Uncoiling ‘The Shipping News’ by Annie Proulx

The Shipping News won the Pulitzer Prize and the National Book Award (in the United States). When this award winner for E. Annie Proulx came recommended on a Stephen King recommended reading list put out by a book publisher, so I put the book on the “please buy it” list at the library and, a happy read later, I wind my thoughts together into this review.

The Shipping News tells the story of Quoyle and his two daughters as they uproot their lives following the death of the two-timing wife and mother to the harbor town of Killick-Claw, Newfoundland, Canada. The family reconnects with a place that none of them knows with an aunt of Quoyle’s who remembers a long ago past for the family’s ancestors in this place. The story, too, is an evocation of place much stronger than the movie Manchester By The Sea, a sad 2016 movie that owes much in tone to this book, and perhaps The Shipping News (2001) movie of several years earlier.

The Shipping News 2(Annie Proulx)

Proulx performs well in bringing out a sense of local color both for place and for people in her telling of The Shipping News. The story shows four people, namely the widowed Quoyle, his nameless aunt, and Quoyle’s two young kids, Bunny and Sunshine,  struggling with the sudden changes beset by the death of a cheating wife. The nameless aunt seems more strongly the stand-in narrator for Proulx in The Shipping News, though Quoyle is the clear if befuddled, third-rate newspaper hack protagonist for the story.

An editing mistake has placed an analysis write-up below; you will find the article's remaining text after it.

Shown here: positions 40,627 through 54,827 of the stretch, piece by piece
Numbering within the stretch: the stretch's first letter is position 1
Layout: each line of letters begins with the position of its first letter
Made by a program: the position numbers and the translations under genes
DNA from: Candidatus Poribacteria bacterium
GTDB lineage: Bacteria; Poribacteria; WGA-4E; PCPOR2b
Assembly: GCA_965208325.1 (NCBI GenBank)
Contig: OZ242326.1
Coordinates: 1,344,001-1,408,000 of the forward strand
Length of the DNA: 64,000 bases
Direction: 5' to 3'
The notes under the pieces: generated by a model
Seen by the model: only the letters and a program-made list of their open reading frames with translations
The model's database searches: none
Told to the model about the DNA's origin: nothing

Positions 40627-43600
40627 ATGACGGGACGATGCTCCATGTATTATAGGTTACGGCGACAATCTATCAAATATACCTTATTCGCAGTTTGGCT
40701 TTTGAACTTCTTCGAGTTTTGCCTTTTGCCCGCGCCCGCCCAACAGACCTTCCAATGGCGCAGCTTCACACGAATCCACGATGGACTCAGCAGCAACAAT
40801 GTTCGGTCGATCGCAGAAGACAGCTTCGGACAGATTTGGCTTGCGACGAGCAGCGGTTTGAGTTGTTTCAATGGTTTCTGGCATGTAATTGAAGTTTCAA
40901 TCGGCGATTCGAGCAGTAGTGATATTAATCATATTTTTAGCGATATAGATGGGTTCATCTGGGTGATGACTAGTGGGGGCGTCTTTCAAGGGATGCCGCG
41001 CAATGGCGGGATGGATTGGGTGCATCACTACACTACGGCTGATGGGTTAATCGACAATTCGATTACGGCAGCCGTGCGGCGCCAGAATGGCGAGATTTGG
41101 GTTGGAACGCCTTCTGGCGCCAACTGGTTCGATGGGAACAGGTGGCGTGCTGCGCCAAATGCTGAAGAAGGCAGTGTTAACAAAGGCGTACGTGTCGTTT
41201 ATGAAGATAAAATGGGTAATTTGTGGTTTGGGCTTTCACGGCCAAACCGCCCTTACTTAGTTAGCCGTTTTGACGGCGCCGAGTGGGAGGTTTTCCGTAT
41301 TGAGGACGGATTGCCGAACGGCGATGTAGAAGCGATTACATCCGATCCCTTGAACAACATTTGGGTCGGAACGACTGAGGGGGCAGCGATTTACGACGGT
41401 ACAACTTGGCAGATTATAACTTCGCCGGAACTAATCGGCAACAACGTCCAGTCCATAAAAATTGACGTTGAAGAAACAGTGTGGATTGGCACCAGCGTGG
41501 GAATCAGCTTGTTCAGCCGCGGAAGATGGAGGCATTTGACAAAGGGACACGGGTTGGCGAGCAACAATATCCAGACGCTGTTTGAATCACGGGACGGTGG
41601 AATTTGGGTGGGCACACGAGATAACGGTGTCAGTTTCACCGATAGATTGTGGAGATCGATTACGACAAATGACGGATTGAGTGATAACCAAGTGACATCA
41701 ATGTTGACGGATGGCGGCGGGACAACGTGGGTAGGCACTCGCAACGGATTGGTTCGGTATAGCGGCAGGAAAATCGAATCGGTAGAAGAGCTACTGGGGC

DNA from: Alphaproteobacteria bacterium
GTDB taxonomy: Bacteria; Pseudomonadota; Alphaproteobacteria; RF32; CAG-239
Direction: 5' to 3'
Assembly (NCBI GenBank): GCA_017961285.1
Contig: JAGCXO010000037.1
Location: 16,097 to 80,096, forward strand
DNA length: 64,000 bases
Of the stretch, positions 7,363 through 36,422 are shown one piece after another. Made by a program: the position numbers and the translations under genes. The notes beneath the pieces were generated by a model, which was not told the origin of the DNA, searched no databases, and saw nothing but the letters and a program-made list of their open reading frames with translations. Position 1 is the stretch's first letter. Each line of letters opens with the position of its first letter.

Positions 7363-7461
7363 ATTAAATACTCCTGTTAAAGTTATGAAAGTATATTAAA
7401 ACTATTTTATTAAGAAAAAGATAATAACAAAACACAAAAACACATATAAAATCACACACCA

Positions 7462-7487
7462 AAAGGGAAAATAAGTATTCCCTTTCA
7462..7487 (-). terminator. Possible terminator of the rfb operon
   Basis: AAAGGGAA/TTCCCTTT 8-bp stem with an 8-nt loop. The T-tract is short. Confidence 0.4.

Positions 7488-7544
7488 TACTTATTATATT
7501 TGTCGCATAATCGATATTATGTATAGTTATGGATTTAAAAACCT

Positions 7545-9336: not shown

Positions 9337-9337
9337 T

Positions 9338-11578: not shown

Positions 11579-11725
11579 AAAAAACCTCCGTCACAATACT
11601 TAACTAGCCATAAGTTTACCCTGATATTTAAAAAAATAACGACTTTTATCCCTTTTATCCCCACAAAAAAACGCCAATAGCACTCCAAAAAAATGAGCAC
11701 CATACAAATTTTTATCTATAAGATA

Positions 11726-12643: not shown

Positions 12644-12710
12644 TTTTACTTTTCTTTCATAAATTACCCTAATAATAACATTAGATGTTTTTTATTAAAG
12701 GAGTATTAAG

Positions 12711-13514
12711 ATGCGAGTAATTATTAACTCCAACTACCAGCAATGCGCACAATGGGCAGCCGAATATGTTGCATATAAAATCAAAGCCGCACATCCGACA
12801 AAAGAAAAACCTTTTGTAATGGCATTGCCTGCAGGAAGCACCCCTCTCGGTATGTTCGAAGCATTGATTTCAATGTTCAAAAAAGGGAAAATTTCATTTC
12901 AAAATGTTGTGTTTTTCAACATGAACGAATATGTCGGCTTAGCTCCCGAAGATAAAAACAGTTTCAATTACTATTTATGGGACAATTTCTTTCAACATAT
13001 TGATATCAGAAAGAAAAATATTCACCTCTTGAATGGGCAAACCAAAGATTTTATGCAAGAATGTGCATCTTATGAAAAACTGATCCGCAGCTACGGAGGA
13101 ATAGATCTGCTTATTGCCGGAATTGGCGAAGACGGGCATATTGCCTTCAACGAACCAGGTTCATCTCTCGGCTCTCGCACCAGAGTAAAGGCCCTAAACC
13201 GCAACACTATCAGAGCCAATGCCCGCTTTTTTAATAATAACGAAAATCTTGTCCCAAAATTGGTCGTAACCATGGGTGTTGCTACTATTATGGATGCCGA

That Quoyle was socially inept through the story is much of the launching point of the story. That Quoyle was offered the stabilizing support of an intelligent aunt, a ready job, and a befuddled backwater of a town that lets him earn his keep makes the story all a bit neat. That the mystery of Quoyle and this story rests in his ability to untangle the knot of a new life, or metaphorically to “uncoil” the rope of his family and life story, is the principal tying the story together. I appreciated the metaphorical offerings by Proulx.

Overall, my feeling for this novel is one wherein I feel I’ve been here already. I did mention that Manchester By The Sea seems to have done this plot, though that movie clearly came second. I offer a rating for the book of 3-stars out-of-5.

Matt – Tuesday, July 18, 2017

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At the Mountains of Madness with The King of Weird, H.P. Lovecraft

Howard Phillips Lovecraft never amounted to much during his life spent mostly in Providence, Rhode Island. His tombstone reads “I am Providence,” as is readily apparent in the link I’ve attached with his name in the first sentence. The 2015 Philip Eil penned piece in The Atlantic, which aligned to the 125th anniversary of Lovecraft‘s birth, offers you insight into the down-and-out pulp fiction writer of “cosmic horror” that was never appreciated for his craft until after his death. Perhaps that is fair in the face of his reputed racism, though Lovecraft’s work has influenced a notable writer or two.

A recommendation of Lovecraft‘s book At the Mountains of Madness by Stephen King brought me to Lovecraft‘s writing about six weeks ago. I wasn’t quite two-thirds into the book when I discovered how effusive King was about Lovecraft. Consider a December 1995 piece written by Curt Wohleber for American Heritage. In the in-depth article provocatively titled “The Man Who Can Scare Stephen King,” the contemporary King shares the power of Lovecraft‘s influence.